She cried out, scandalised.
"But if I give you the surplus," replied Monsieur Lheureux impudently,
"is that not helping you?"
And taking a pen he wrote at the bottom of the account, "Received of
Madame Bovary four thousand francs."
"Now who can trouble you, since in six months you'll draw the arrears
for your cottage, and I don't make the last bill due till after you've
Emma grew rather confused in her calculations, and her ears tingled
as if gold pieces, bursting from their bags, rang all round her on
the floor. At last Lheureux explained that he had a very good friend,
Vincart, a broker at Rouen, who would discount these four bills. Then
he himself would hand over to madame the remainder after the actual debt
But instead of two thousand francs he brought only eighteen hundred, for
the friend Vincart (which was only fair) had deducted two hundred francs
for commission and discount. Then he carelessly asked for a receipt.
"You understand--in business--sometimes. And with the date, if you
please, with the date."
A horizon of realisable whims opened out before Emma. She was prudent
basin, where; in the midst of watercress and asparagus, three torpid
lobsters stretched across to some quails that lay heaped up in a pile on
Homais was enjoying himself. Although he was even more intoxicated with
the luxury than the rich fare, the Pommard wine all the same rather
excited his faculties; and when the omelette au rhum* appeared, he began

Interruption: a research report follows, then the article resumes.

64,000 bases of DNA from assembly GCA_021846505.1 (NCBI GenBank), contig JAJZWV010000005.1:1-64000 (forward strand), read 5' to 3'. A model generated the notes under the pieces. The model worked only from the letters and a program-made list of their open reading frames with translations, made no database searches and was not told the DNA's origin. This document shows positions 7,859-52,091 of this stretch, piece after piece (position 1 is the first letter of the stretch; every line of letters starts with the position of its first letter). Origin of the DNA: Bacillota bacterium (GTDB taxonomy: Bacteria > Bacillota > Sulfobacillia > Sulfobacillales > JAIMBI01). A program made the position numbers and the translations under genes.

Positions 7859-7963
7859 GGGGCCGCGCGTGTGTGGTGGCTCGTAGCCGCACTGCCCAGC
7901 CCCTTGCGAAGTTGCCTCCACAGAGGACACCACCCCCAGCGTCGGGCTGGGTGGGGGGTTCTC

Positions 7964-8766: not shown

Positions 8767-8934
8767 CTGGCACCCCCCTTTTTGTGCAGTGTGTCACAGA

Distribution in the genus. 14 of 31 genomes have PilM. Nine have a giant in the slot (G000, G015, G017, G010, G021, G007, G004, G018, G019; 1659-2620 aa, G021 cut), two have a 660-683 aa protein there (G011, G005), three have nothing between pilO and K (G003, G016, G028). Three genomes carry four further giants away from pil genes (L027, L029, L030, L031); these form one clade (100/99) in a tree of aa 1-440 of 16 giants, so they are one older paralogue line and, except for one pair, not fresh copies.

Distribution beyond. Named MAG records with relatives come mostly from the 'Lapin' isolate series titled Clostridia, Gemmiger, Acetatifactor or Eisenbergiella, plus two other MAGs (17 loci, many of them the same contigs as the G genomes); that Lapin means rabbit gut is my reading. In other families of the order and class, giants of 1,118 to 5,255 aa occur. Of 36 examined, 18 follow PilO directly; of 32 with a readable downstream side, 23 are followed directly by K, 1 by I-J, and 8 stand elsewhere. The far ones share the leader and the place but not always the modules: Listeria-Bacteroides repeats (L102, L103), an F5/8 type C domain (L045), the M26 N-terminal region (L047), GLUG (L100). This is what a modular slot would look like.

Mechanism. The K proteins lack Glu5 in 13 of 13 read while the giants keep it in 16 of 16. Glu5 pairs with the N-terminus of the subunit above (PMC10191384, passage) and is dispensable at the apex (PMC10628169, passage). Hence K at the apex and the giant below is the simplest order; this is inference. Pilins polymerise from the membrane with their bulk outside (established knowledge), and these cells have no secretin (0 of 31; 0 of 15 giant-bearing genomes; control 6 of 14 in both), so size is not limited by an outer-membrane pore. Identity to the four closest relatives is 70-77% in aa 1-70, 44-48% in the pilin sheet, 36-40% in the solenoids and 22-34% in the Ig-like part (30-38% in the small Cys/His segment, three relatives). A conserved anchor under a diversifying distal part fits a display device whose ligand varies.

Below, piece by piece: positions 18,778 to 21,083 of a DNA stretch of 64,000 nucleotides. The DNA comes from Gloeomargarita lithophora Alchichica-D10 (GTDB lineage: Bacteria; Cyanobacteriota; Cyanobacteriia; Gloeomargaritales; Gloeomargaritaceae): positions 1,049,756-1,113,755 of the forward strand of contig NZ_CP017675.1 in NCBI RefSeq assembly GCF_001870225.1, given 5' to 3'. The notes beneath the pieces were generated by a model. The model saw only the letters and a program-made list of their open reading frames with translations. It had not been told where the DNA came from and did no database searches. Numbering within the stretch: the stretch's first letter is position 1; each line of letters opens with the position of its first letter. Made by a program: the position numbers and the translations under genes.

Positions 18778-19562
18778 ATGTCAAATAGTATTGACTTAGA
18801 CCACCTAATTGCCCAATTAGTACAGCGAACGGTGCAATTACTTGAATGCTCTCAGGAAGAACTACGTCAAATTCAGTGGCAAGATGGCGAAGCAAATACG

propounding immoral theories about women. What seduced him above all
else was chic. He admired an elegant toilette in a well-furnished
apartment, and as to bodily qualities, he didn't dislike a young girl.
* In rum.
Leon watched the clock in despair. The druggist went on drinking,
eating, and talking.
"You must be very lonely," he said suddenly, "here at Rouen. To be sure
your lady-love doesn't live far away."
And the other blushed--
"Come now, be frank. Can you deny that at Yonville--"
The young man stammered something.
"At Madame Bovary's, you're not making love to--"
He was not joking; but vanity getting the better of all prudence, Leon,
in spite of himself protested. Besides, he only liked dark women.
"I approve of that," said the chemist; "they have more passion."
And whispering into his friend's ear, he pointed out the symptoms by
which one could find out if a woman had passion. He even launched into
an ethnographic digression: the German was vapourish, the French woman
licentious, the Italian passionate.
"And negresses?" asked the clerk.
"They are an artistic taste!" said Homais. "Waiter! two cups of coffee!"
"Are we going?" at last asked Leon impatiently.
But before leaving he wanted to see the proprietor of the establishment
and made him a few compliments. Then the young man, to be alone, alleged
he had some business engagement.
"Ah! I will escort you," said Homais.
And all the while he was walking through the streets with him he talked
of his wife, his children; of their future, and of his business; told
him in what a decayed condition it had formerly been, and to what a
degree of perfection he had raised it.
Arrived in front of the Hotel de Boulogne, Leon left him abruptly, ran
up the stairs, and found his mistress in great excitement. At mention of
the chemist she flew into a passion. He, however, piled up good reasons;
it wasn't his fault; didn't she know Homais--did she believe that he